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Friday
Jun032011

Ground-Glass Opacities

Reference as: Gopal V, Robbins RA. Ground-glass opacities. Southwest J Pulm Crit Care 2011;2:67-70. (Click here for PDF version)

A 54-year-old male was admitted to the medical intensive care unit complaining of abdominal pain, nausea, and vomiting for 2 days. He had a past medical history of pancreatitis in 2009, treated as outpatient, and asthma treated with albuterol inhaler as needed. His medication list included gemfibrizol, gabapentin, and amitriptyline. He drank 6-8 beers per day and smoked 1 pack-per-day for the past 40 years.

On physical examination is the patient was afebrile, his lungs are clear to auscultation, but tenderness was present in both lower quadrants. The remainder of the physical examination was normal.

Laboratory examination revealed a normal complete blood count and normal basic metabolic panel. Abnormal laboratory values included an elevated total bilirubin of 2.7 mg/dL (normal 0.2-1 mg/dL); alkaline phophatase 169 U/L (normal 10-40 U/L);  alanine aminotransferase 286 U/L (normal 10-35 U/L); amylase 468 U/L (normal 25-125 U/L), and lipase 1580 U/L (normal 8-78 U/L). Arterial blood gasmeasurements showed PaO2 = 91 mm Hg, PaCO2 = 26 mm Hg, pH = 7.52, and oxygen saturation = 98% while breathing room air.

Chest radiography (Figure 1, Panel A) was interpreted as showing a “right upper lobe infiltrate which could represent an acute pneumonia”.  No distinct abnormalities were identified on abdominal radiographs (Figure 1, Panel B).

 

 Figure 1. Panel A. Frontal chest radiography.  Panel B. Abdominal radiography.

To further evaluate the possibility of a right upper lobe abnormality at chest radiography, thoracic CT was performed and as showing patchy ground-glass opacities throughout the lungs bilaterally (Figure 2).

Figure 2. Representative images from thoracic CT.

Question 1. What’s the most likely diagnosis?

  1. Hypersensitivity pneumonitis
  2. Acute inhalational injury secondary to “huffing”.
  3. Drug-induced lung disease
  4. Valley Fever
  5. Ground-glass opacities associated with pancreatitis

Question 2. What would you do next?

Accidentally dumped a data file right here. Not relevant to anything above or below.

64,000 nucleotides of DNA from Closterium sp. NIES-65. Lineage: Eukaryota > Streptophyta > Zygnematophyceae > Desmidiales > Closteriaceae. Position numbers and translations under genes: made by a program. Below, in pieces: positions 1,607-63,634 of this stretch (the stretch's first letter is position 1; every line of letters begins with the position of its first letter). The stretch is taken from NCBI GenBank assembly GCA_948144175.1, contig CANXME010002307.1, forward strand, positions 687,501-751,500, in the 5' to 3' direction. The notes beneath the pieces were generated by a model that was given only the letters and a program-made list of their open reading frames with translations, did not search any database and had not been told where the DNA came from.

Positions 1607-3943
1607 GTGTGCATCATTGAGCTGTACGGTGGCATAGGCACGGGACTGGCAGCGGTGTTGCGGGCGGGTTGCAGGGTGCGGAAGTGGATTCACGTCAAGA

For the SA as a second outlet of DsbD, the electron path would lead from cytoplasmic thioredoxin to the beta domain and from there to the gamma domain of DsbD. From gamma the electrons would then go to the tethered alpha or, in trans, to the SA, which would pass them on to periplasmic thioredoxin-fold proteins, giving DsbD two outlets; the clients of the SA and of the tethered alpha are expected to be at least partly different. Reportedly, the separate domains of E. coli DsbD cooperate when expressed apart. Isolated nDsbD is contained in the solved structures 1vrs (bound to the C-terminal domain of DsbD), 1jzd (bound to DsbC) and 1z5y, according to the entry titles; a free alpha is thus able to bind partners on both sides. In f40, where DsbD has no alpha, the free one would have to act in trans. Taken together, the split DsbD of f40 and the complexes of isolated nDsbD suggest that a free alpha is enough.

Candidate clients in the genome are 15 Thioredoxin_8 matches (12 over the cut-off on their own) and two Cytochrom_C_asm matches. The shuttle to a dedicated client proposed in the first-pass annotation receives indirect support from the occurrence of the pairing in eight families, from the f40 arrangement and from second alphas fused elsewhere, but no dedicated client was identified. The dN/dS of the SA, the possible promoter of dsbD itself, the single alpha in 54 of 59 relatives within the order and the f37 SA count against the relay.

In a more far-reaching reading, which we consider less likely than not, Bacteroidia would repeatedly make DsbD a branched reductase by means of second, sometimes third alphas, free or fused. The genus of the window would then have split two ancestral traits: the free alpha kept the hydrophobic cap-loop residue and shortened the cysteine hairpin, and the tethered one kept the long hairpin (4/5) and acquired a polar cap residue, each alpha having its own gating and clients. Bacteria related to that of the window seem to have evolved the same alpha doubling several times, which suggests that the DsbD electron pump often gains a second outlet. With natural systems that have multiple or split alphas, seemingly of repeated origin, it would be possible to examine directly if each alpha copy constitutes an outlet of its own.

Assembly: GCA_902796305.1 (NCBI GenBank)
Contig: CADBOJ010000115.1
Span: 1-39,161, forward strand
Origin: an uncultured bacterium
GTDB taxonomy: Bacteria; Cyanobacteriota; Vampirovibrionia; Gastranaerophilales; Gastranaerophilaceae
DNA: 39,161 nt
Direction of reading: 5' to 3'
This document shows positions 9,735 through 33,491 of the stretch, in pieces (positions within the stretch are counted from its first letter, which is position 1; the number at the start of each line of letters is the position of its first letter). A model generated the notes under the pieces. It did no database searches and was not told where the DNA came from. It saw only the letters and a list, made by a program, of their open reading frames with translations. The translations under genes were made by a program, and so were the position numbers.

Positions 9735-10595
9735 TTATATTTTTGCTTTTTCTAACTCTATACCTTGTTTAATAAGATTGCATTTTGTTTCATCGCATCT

1. Hypersensitivity panel
  2. Bronchoscopy with bronchoalveolar lavage
  3. Begin Diflucan
  4. Broaden his antibiotic coverage
  5. Repeat the thoracic CT scan in 3-4 days.

The thoracic CT was repeated four days later and the ground-glass opacities seen previously had largely resolved (Figure 3).

Figure 3.  Representative images from thoracic CT performed four days following the initial study Figure 2).

These ground-glass opacities likely represent subclinical non-cardiogenic pulmonary edema in the setting of acute pancreatitis. Ground-glass opacities are foci of increased lung attenuation that do not obscure underlying vessels or bronchial margins (1). Ground-glass opacities often represent parenchymal abnormalities below the spatial resolution of high-resolution CT of the lung. Although the differential diagnosis of ground-glass opacities at high-resolution CT is large, these etiologies may be broadly divided into acute or chronic causes. Table 1 lists some of the more common causes of ground-glass opacities at high-resolution CT.

Table 1: Common Etiologies for Ground-Glass Opacity at Thoracic CT

Acute

Chronic

Pulmonary edema (cardiogenic or non-cardiogenic)

Interstitial diseases (hypersensitivity pneumonitis, desquamative interstitial pneumonia, respiratory bronchiolitis-interstitial lung disease, nonspecific interstitial pneumonia, sarcoidosis, others)

Infectious pneumonitis (PJP, CMV, HSV, RSV, others)

Bronchoalveolar carcinoma

Noninfectious pneumonitis (hypersensitivity pneumonitis, acute inhalational exposures, drug-induced lung diseases)

Other causes (drug toxicity, pulmonary alveolar proteinosis, organizing pneumonia, chroic eosinophilic pneumonia, others)

 

Our patient had no apparent cause, other than subclinical non-cardiogenic pulmonary edema secondary to pancreatitis. Pulmonary edema is a well known complication of pancreatitis and can be severe (2). It seems likely that, as more sensitive methods for the detection of pulmonary abnormalities, such as thoracic CT, are increasingly applied to patients with pancreatitis, that subclinical pulmonary injury may be increasingly detected.

Venu Gopal, M.D.

Chief, Infectious Disease, Phoenix VA Medical Center

 

Richard A. Robbins, M.D.

Chief, Pulmonary and Critical Care, Phoenix VA Medical Center

 

Slide Set

 

References

  1. Miller WT Jr, Shah RM.  Isolated diffuse ground-glass opacity in thoracic CT: causes and clinical presentations.  AJR Am J Roentgenol 2005;184:613-22.
  2. Raghu MG, Wig JD, Kochhar R, Gupta D, Gupta R, Yadav TD, Agarwal R, Kudari AK, Doley RP, Javed A. Lung complications in acute pancreatitis. JOP. 2007;8:177-85.

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